ASCI releases guildelines for responsible gaming advertising


The ASCI guidelines have been developed to ensure that such advertising makes users aware of financial and other risks that are associated with playing online games with real money winnings.

The Advertising Standards Council of India (ASCI) has introduced guidelines to make real-money gaming advertising safer and more responsible.

As per a recent KPMG study, online gaming grew 45% in FY20 with the user base surpassing 365 million by March 2020 on real-money games (RMGs). The card-based and fantasy segments both achieved strong traction. As India is a mobile-first country, more than 90% of online gamers play games on their phones. The online gaming market, worth more than $500 million now, could be worth $1.1 billion by 2021. In 2019, around 5.6 billion mobile gaming apps were downloaded in India – the highest in the world and representing nearly 13% of gaming apps globally. Internet penetration in India is 31% and KMPG expects it to reach 53% by 2021 – which would give over 700 million people access to the internet and its wealth of gaming options.

The rapid growth, and the real danger of the negative impacts of RMG advertisements, prompted ASCI to develop advertising guidelines to ensure users are aware of the financial and addiction risks. The government, via the Ministry of Information & Broadcasting, The Department of Consumer Affairs as well as Ministry of Electronics & Information Technology, have given these ASCI guidelines their full support and backing to comprehensively address growing concerns about the potentially misleading and harmful advertisements in the sector.

The guidelines will be effective from the 15th of December 2020 and apply to advertisements that are legally permitted.

The guidelines:

  1. No gaming advertisement may depict any person under the age of 18 years, or who appears to be under the age of 18, engaged in playing a game of ONLINE GAMING FOR REAL MONEY WINNINGS, or suggest that such persons can play these games
  2. Every such gaming advertisement must carry the following disclaimer:
  3. Print/static: This game involves an element of financial risk and may be addictive. Please play responsibly and at your own risk
  4. Such a disclaimer should occupy no less than 20% of the space in the advertisement
  5. It should also SPECIFICALLY meet disclaimer guidelines 4 (i) (ii) (iv) and (viii) laid out in the ASCI code
  6. Audio/video: “This game involves an element of financial risk and may be addictive. Please play responsibly and at your own risk.”
  7. Such a disclaimer must be placed in normal speaking pace at the end of the advertisement
  8. It must be in the same language as the advertisement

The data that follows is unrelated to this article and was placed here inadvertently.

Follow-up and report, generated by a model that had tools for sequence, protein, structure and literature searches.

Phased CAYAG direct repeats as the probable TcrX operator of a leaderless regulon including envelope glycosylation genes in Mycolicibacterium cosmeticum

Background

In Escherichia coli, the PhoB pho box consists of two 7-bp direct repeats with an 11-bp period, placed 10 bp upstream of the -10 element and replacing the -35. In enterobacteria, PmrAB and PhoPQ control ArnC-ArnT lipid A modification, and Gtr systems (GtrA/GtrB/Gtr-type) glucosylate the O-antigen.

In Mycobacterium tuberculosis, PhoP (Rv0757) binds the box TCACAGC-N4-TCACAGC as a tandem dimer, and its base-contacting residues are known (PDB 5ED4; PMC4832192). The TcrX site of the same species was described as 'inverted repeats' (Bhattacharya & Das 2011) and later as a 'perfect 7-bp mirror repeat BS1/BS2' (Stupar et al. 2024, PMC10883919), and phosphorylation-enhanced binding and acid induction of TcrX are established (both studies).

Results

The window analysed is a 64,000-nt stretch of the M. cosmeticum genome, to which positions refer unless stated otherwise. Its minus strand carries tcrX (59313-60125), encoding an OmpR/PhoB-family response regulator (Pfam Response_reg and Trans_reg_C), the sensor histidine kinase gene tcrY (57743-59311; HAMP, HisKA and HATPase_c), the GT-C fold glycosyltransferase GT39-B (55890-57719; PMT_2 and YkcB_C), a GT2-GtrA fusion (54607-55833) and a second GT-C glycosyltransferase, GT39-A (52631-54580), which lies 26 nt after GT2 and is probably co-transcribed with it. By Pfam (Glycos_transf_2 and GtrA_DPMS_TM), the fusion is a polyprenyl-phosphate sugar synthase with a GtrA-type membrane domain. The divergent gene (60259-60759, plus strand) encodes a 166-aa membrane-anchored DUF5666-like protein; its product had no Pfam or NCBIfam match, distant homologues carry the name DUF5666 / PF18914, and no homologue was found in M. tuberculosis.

iii.     For audio-visual mediums, the disclaimer needs to be in both audio and visual formats

  1. The advertisements should not present ‘Online gaming for real money winnings’ as an income opportunity or an alternative employment option.
  2. The advertisement should not suggest that a person engaged in gaming activity is in any way more successful as compared to others.

Also Read: ASCI upholds 90% complaints made against advertisements in August-September

Manisha Kapoor, Secretary-General of ASCI, said: “We have observed gaming advertisements target youth and families by suggesting that these can become sources of income and livelihood for them. We have noted concerns about such advertisements, both from consumers as well as the government. The key fact that is completely suppressed in most of these advertisements is the real possibility of losing money. Millions of users of these apps come from lower-income families, who can ill afford to lose their hard-earned money. The frequent use of celebrities in many of these advertisements make them more attractive to consumers, and consumers tend to trust their heroes and role models blindly. Combined with the fact that these games are highly addictive, these advertisements end up being not just misleading, but also harmful to individuals and society. And therefore, they are violative of the ASCI Code.

The idea of framing specific guidelines for the advertisement of such games is to inform advertisers as well as members of the public what criteria we will use to scrutinize advertisements against which we receive complaints. While the government will take a decision on the legal issues surrounding the sector, we believe these advertising guidelines will make online gaming for real money winnings more transparent and safer. We are particularly happy with the wholehearted support and backing of the government to ASCI in implementing these guidelines, and this is yet another demonstration of the belief in the strength of self-regulation. We hope that these guidelines will usher in an era of more responsible and truthful advertising in this sector.”



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